I would agree that the two objectives you outlined, making sure Canadian companies were more competitive and ensuring costs were brought down, were the two policy objectives of the decision the government took to move forward with these treaties.

Stakeholders have been supportive of parts of the provisions. The committee will note that elements of this bill are also contained in Bill C-8, the anti-counterfeiting bill that was debated extensively here in the fall.

For example, they're supportive of elements like the expansion of trademark registration to more modern forms of trademarks. These non-traditional marks that were discussed at the time have received support.

There are procedures like allowing applicants to split their applications. For example, if they are in a process and they have a portion of the application that is controversial that may be the subject of opposition, but another component that isn't, they can split them off and proceed with the one where there is no controversy so they can acquire and protect that IP as quickly as possible. That also has received support.

I think it's fair to say that in general, everyone is supportive of the accession to the Madrid Protocol and the Singapore Treaty. There has been some discussion on whether or not the benefits will accrue equally. There's clear observation that internationally, multinational companies have a preponderance of the types of marks, and therefore they will benefit more than potentially small businesses that don't need the Canadian market or are present in only a small number of countries.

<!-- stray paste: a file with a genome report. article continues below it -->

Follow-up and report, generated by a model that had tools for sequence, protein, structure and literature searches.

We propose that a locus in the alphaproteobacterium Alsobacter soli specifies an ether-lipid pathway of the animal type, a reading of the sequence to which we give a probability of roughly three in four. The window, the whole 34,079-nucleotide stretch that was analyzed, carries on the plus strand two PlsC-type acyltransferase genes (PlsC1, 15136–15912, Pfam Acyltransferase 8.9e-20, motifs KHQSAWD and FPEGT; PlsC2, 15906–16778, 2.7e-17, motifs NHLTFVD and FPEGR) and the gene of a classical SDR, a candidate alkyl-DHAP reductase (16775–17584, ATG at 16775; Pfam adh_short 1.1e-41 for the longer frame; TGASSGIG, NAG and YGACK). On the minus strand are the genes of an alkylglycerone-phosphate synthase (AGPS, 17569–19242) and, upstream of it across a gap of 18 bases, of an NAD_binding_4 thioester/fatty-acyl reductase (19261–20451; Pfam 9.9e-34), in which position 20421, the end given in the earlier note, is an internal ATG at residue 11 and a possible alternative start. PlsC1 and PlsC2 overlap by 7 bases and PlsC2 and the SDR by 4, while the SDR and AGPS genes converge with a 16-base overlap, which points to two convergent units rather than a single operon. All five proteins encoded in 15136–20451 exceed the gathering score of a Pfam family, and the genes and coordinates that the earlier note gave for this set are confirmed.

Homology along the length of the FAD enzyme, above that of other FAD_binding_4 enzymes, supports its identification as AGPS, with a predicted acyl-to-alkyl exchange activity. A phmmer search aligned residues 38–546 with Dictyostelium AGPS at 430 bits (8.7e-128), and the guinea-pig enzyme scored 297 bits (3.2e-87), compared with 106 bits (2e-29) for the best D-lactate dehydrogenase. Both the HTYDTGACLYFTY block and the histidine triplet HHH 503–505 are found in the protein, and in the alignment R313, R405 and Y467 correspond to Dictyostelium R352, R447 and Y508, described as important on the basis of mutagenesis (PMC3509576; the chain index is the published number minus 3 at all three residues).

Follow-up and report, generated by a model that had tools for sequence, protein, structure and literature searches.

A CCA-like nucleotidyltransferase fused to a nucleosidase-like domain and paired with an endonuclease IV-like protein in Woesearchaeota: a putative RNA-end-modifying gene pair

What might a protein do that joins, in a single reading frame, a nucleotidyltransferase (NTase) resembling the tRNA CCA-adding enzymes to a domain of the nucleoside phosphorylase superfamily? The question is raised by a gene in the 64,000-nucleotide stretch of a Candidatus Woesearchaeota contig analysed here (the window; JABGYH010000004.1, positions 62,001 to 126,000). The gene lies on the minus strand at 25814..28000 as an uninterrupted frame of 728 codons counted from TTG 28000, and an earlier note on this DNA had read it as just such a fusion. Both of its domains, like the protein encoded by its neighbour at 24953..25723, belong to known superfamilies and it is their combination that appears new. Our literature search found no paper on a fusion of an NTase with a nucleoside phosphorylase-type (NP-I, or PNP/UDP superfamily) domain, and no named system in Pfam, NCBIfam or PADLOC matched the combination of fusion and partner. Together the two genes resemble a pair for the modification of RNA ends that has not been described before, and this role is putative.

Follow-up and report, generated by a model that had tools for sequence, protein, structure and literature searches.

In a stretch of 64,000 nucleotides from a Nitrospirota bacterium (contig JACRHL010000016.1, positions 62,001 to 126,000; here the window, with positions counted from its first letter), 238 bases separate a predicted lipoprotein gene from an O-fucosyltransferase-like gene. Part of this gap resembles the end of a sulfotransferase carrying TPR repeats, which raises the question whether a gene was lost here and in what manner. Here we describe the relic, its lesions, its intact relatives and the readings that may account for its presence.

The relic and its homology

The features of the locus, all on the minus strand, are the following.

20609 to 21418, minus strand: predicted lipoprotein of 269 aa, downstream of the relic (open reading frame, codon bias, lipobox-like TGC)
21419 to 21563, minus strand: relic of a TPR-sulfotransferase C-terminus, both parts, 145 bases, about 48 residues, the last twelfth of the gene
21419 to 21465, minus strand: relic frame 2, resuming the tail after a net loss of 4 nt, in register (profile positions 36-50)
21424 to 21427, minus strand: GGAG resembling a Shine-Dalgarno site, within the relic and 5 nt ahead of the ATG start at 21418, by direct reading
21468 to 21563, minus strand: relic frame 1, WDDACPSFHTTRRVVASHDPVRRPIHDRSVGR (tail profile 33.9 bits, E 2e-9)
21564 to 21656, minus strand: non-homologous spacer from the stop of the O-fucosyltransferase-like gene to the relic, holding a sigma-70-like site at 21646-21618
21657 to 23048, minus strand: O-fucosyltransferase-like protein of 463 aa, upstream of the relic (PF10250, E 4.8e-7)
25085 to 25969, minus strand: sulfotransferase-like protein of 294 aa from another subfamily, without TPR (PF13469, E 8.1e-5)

It depends a bit on whom you are talking about in terms of who will benefit.

One issue that has come up, which has been raised certainly with us in a number of pieces of correspondence, is the issue of use. That has been a decision that was taken in terms of how to administer this protocol to the benefit of Canadians. A form in particular has been eliminated, or the proposal is to eliminate it as part of this. There's a compliance cost to businesses to filling out this form, and it doesn't exist in other jurisdictions outside of Canada that are party to the protocol, with the exception, I believe, of the Philippines.

Business of the HouseOral Questions

May 1st, 2014 / 3:10 p.m.
See context

York—Simcoe Ontario

Conservative

Peter Van Loan ConservativeLeader of the Government in the House of Commons

Mr. Speaker, first, let me acknowledge my colleagues', and I say that in the plural, co-operation with respect to both Bill C-30, the fair rail for grain farmers act, and Bill C-25, the Qalipu Mi'kmaq first nation act, today. We appreciate that co-operation.